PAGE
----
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Whale Talk Paperback – June 30, 2009
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A varsity letter jacket: it's exclusive, nearly unattainable, revered . . . and everything that's screwed up about Cutter High, as far as T. J. Jones is concerned. That's why T. J. is determined to have the Cutter All Night Mermenthe unlikeliest swim team a high school has ever seenearn letter jackets of their own.
It won't be easy. For one thing, they don't even have a pool. They will fight for their dignity, they will fight with each other, and sometimes they will just fight. And then they will realize that a single moment can bring lifelong heartache or lifelong friendship. For T. J. and his crew of misfits, the quest may be far more valuable than the reward.
- Format: Paperback
- Publication Date: 6/30/2009
- Pages: 304
- Reading Level: Age 13 and Up
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Crutcher's protagonist, T.J. Jones, is a rare gem of a character. Having survived an early childhood of neglect and being the target of racism in his mostly white school, T.J. has plenty of reasons to be angry. However, he remains stoic in the face of adversity, refusing to rise to the racial taunts of his enemies. In fact, what makes him such a wonderful character is that his indignation and sense of justice are not reserved for himself but for others who fall outside the scope of the "in" crowd. His effort to put together a swim team is driven by an injustice he witnesses towards another classmate. In a school driven by athletics, he walks a precarious slope with the individuals on his team who fit plenty of categories--mentally challenged, handicapped, mute, overweight--except athletic. Still, T.J.'s drive and determination help whip this group of misfits into a competitive swim team in no time flat.
Of course, from the arc of the swim team come many other compelling story lines--abuse, death, racism, and forgiveness. Crutcher seamlessly weaves these threads into the story by putting T.J. front and center. By witnessing and even participating in other characters' difficulties--the racial abuse inflicted upon a five-year-old girl of mixed race, the tragedy of his father's past, the sexual abuse suffered by one of his teammates--T.J. is better able to put his own life into perspective with guidance from his loving adoptive parents and his therapist.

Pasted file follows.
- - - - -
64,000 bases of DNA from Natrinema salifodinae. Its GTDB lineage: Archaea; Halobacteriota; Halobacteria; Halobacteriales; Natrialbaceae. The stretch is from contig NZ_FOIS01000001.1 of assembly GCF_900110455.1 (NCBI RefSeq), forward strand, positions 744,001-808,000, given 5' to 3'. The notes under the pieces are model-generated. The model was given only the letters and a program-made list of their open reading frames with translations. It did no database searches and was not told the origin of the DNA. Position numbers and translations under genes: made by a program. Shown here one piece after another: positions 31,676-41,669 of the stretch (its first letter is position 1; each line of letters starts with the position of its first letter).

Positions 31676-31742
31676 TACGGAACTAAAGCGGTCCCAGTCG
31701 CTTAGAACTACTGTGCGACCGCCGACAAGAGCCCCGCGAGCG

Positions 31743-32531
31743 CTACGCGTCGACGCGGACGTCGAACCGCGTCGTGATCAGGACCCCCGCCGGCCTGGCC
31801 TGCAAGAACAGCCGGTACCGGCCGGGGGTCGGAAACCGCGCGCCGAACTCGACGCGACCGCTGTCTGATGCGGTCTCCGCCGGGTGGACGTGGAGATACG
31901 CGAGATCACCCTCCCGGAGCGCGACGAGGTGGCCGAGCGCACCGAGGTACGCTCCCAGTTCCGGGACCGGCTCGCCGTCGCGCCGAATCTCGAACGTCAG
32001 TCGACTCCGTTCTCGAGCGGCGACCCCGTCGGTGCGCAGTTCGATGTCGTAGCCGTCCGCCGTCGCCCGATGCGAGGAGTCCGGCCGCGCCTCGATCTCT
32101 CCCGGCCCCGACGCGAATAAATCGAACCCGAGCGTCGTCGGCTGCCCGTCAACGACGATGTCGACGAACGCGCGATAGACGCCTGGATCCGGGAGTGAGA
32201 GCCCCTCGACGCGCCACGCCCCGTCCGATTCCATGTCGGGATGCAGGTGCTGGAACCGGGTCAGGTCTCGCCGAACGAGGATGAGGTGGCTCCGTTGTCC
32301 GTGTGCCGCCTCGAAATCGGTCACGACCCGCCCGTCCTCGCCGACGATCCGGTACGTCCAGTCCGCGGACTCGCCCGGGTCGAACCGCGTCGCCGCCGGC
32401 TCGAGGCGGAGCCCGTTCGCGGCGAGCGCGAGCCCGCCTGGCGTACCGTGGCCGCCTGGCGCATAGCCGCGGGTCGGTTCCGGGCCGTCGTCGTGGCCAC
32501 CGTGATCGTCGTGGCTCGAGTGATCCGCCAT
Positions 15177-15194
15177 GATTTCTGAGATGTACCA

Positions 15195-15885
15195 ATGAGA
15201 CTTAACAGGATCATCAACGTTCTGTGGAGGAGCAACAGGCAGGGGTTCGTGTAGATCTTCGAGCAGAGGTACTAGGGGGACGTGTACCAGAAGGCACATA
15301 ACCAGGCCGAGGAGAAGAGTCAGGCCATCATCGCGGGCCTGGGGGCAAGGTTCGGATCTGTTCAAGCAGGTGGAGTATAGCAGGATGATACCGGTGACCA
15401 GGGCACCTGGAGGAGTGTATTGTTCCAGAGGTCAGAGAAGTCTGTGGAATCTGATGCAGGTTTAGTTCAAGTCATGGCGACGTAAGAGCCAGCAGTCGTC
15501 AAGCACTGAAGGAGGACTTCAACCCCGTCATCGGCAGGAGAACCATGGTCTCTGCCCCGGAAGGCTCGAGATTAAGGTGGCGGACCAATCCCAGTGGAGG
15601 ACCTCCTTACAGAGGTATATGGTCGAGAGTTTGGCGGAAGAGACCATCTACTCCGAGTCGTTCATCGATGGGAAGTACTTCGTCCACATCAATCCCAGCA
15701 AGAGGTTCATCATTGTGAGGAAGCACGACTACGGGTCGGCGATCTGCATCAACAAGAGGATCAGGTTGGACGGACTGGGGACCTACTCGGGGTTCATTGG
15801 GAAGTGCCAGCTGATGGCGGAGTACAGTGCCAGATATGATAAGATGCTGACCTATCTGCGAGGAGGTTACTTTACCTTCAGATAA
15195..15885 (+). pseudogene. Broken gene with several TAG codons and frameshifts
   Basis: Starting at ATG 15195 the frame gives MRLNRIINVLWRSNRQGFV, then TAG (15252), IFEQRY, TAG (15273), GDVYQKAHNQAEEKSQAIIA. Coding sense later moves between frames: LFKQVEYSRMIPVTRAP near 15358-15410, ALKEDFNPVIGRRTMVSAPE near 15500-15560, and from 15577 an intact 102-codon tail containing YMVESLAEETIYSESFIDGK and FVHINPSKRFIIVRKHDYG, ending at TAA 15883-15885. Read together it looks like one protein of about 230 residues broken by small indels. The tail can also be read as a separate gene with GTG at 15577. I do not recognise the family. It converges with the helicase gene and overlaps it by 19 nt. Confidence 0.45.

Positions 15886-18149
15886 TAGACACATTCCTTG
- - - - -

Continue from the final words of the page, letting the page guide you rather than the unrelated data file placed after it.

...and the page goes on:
Although the last 20 pages or so stray into melodrama, this book is powerful on so many levels. Images--the deer, the Brillo pad--will stay with the reader long after the book has been closed. At the core of its message is the idea that no one really knows what difficulties others are facing, a poignant message given the times we live in.
ERIC, 16 YEARS OLD MISS WATER IS MY TEAHER
(Written by a student of mine to fulfill a class project. JW)
I lagged. I cried. But most of all, I felt could relate. This book is so real!
If I could quote every sentence in a separate line, I would. The author is that good!!
Amazing read, everyone!! This book is at the top of my list of suggestions.
The Tao Jones is a mixed race character who is adopted from a drug-addicted mother. Tao is taken in by a truck driving dad and lawyer mother who are just about the coolest parents on earth, but they aren't without their own baggage.
Whale Talk is a masterfully woven tale that traces Tao through his struggles in a racist society that is also a little elitist. Tao, like most of Crutcher's protagonists, is a great athlete with a strange sense of humor. Tao enjoys getting even with those who single out he, or any other character in the high school that is different, by using the predators' ignorance against them.
All in all, this is an honest portrayal of a complex mix of race, family secrets and small town routines held up by the Good Ol' Boy system along with serious developmental pshychological issues.
This book will make you laugh, it will make you cry, but most importantly, it will make you examine your inner-most being in ways that will surprise you.
Chris Crutcher is the undisputed King of YA Literature, which he proves with his most powerful YA novel to date.